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Name: In re T.G.
Case #: B303987
Court: CA Court of Appeal
District 2 DCA
Division: 7
Opinion Date: 12/08/2020
Summary

The trial court failed to ensure that the Department adequately investigated mother’s claim of Indian ancestry. Mother’s four children were removed from her care. At the detention hearing, mother submitted an ICWA-020 form which indicated that she might have Indian ancestry. Mother provided the name and birth date of her great-grandfather, who she believed had Indian heritage, but she did not know which tribe. The court ordered the Department to send notice to the Department of the Interior, the Bureau of Indian Affairs (BIA), the Cherokee Nation, and to any specific tribe that might be identified. The Department did not send any of the ordered notices. While the jurisdiction/disposition report stated that ICWA does or may apply, the interim review reports stated that ICWA did not apply, though no explanation was provided for this conclusion. The court did not make any further ICWA findings. The appellate court reversed and remanded to conduct an ICWA inquiry. “An adequate investigation of a family member’s belief a child may have Indian ancestry is essential to ensuring a tribe entitled to ICWA notice will receive it.” (See In re Elizabeth M. (2018) 19 Cal.App.5th 768, 787.) Welfare and Institutions Code section 224.2, subdivision (e), which took effect in January 2020 when the section 366.26 hearing took place in these proceedings, imposes a duty of further inquiry “if the court, social worker, or probation officer has reason to believe that an Indian child is involved in the proceeding.” The duty of further inquiry requires interviewing extended family members, contacting the BIA, the tribe, or any other person that may reasonably be expected to have information regarding the child’s eligibility. (§ 224.2 (e)(1)-(3).) The preliminary responses from mother provided a reason to believe that Indian children might be involved in the proceedings and triggered a duty of the Department to make further inquiry. The court failed to ensure that the Department complied with its duty of further inquiry and on remand the juvenile court must promptly direct the Department to make a meaningful and thorough inquiry regarding the minors’ possible Indian ancestry.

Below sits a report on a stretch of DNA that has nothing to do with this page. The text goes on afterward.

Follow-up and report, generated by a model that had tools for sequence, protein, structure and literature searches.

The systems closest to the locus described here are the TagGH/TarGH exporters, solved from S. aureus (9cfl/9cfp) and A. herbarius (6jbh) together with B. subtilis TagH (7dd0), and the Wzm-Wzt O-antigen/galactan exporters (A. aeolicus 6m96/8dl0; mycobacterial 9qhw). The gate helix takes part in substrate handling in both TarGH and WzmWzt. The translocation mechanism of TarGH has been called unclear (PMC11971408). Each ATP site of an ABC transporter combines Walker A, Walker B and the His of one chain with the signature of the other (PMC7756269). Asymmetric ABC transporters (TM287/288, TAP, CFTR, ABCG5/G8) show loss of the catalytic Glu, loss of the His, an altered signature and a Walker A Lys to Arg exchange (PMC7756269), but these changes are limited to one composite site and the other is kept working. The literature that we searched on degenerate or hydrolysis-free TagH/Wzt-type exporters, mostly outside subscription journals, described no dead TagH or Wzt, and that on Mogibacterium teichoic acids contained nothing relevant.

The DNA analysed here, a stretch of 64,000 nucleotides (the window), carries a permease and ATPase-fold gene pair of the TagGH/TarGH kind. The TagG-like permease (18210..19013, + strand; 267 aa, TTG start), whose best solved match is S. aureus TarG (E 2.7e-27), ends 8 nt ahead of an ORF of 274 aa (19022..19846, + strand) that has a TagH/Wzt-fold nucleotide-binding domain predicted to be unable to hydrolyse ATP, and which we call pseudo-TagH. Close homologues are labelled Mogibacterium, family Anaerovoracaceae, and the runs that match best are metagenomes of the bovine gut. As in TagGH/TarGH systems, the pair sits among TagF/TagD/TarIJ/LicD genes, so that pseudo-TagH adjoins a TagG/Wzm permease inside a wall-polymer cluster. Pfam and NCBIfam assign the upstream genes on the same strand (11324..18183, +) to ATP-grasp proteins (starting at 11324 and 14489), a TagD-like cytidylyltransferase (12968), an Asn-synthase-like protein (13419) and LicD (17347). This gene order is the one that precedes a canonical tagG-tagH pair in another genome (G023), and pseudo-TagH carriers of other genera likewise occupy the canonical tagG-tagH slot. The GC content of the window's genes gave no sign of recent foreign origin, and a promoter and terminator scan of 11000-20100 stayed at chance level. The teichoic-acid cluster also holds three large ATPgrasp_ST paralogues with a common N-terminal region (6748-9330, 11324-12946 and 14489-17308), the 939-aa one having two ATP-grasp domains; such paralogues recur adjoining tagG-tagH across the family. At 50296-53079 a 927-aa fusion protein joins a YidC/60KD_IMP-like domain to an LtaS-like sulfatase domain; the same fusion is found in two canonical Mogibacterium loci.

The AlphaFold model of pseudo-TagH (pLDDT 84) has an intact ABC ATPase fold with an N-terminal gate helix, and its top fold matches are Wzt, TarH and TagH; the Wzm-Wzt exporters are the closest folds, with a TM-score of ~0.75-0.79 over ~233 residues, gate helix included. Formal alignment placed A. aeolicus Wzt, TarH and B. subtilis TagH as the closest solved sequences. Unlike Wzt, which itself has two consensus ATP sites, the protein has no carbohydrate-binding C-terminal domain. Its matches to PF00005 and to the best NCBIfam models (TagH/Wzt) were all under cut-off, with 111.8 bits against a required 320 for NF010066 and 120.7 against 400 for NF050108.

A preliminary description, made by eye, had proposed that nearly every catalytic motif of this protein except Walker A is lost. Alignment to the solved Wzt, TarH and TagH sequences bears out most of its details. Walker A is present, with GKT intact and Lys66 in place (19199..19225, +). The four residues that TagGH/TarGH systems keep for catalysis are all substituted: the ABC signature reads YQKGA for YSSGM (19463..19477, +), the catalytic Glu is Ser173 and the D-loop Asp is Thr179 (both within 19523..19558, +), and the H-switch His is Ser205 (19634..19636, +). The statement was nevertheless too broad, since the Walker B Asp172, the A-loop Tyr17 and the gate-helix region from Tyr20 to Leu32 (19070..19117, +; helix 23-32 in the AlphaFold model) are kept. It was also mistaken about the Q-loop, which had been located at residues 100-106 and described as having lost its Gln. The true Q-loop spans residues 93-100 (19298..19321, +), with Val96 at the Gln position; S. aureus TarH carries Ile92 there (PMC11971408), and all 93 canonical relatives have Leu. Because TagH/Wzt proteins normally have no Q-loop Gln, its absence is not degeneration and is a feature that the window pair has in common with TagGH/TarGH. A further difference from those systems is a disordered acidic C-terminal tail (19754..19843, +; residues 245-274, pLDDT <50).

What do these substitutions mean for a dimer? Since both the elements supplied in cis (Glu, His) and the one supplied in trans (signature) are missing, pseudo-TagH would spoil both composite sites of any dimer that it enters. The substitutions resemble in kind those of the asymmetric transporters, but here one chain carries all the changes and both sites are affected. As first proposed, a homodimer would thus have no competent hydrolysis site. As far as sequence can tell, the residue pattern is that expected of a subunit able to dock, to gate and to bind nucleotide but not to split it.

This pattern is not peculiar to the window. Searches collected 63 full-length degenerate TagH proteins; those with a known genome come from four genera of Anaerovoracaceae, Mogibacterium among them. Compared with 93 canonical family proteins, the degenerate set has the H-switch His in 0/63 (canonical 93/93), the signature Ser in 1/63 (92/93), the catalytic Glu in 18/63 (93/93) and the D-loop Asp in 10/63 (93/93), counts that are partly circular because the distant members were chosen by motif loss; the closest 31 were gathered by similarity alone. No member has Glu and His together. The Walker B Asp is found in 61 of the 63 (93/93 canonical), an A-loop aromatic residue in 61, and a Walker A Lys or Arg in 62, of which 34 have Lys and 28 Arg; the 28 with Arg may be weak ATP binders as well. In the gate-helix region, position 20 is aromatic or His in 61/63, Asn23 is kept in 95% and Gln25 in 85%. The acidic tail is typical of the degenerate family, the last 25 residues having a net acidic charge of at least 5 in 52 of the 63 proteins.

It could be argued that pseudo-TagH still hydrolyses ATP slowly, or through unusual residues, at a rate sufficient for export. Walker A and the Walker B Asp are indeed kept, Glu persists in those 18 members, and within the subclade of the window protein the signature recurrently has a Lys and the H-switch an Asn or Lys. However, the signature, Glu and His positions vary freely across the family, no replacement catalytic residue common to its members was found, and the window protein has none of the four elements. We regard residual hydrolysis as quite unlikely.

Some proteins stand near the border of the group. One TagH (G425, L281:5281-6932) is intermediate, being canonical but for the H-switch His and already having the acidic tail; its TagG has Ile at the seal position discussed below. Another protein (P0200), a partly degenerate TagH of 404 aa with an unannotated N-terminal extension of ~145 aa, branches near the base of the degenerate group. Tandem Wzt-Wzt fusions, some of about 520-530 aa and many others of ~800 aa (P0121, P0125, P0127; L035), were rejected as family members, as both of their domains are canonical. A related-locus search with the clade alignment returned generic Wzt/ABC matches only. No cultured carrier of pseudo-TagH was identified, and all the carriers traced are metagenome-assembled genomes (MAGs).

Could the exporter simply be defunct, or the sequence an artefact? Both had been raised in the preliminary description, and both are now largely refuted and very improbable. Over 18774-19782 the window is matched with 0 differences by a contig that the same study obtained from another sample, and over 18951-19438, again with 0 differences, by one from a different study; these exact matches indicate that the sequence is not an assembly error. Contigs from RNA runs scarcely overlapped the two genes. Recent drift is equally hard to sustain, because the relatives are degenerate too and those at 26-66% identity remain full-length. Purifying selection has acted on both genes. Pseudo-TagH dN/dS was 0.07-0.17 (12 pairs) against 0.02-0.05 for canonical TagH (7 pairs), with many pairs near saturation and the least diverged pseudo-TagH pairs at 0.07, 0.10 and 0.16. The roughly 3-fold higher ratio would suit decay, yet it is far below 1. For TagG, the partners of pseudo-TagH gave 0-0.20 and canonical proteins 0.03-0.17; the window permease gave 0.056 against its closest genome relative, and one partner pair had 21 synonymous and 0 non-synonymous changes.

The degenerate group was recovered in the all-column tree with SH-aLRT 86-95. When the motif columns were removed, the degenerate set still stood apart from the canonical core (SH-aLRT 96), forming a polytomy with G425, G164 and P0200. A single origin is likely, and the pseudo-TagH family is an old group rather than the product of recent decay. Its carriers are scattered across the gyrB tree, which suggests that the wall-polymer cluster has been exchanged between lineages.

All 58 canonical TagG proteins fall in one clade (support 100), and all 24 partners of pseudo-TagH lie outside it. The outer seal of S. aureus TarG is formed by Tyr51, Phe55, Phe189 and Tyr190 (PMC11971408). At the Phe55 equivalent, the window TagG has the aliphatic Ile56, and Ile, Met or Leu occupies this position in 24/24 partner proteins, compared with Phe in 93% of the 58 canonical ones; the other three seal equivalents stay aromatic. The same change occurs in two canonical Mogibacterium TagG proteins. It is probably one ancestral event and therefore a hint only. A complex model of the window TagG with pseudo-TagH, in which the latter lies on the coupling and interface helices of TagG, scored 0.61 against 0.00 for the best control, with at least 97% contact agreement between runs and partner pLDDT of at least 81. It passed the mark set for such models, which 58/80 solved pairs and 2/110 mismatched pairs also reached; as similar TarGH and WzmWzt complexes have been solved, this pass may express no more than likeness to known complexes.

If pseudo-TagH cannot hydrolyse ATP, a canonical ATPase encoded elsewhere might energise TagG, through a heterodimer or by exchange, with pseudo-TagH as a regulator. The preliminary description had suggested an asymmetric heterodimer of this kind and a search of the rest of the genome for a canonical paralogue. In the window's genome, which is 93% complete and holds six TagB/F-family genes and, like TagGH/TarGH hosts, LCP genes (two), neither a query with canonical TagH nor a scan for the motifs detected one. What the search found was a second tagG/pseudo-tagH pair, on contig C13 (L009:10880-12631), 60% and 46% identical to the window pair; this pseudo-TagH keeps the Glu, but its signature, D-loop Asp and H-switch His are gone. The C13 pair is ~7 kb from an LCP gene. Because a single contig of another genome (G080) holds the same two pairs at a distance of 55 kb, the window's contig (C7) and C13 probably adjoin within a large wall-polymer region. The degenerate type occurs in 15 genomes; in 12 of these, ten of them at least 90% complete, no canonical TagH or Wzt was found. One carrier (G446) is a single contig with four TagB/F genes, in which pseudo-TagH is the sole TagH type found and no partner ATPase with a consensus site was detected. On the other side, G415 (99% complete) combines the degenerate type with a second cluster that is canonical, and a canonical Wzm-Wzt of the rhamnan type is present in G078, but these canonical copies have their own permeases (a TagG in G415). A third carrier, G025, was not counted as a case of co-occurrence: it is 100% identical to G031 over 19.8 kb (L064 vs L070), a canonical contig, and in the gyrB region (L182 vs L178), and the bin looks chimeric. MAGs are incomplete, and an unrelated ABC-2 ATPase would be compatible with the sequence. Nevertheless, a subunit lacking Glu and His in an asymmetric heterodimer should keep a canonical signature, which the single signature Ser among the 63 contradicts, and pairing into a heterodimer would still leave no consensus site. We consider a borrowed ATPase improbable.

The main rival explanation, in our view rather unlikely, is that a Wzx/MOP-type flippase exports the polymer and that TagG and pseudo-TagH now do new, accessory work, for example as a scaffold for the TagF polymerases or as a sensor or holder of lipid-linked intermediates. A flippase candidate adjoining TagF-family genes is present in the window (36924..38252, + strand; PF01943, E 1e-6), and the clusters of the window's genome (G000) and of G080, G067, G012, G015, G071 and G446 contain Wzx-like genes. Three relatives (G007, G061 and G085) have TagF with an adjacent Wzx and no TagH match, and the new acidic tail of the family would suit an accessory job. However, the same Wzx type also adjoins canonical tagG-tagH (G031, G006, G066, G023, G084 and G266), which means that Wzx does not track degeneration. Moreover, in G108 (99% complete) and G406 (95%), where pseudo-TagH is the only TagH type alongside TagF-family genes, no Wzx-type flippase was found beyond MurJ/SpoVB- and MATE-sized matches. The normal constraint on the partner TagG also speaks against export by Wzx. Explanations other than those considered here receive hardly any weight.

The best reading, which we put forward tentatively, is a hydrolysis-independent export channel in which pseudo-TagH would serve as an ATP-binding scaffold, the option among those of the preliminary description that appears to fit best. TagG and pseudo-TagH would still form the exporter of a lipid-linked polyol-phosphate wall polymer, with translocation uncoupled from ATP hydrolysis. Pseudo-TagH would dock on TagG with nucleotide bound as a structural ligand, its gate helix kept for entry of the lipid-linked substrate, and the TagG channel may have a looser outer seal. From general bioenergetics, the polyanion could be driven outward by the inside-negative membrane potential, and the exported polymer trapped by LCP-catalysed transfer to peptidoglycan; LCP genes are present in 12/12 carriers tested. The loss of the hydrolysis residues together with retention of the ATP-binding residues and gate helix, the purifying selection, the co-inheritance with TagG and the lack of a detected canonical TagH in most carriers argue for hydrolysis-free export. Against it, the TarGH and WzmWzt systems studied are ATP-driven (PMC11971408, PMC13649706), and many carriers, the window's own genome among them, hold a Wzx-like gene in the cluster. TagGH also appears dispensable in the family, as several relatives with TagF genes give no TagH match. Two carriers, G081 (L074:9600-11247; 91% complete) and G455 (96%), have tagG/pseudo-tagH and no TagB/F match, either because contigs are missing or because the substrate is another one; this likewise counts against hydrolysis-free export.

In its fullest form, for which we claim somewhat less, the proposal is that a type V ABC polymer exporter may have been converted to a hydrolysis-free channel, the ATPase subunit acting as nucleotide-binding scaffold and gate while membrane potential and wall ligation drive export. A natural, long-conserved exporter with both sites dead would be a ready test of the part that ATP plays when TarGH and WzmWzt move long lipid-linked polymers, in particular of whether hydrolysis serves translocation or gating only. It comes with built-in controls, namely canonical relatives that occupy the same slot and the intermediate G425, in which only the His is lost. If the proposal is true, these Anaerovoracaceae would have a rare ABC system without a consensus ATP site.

The full opinion is available on the court’s website here: https://www.courts.ca.gov/opinions/documents/B303987.PDF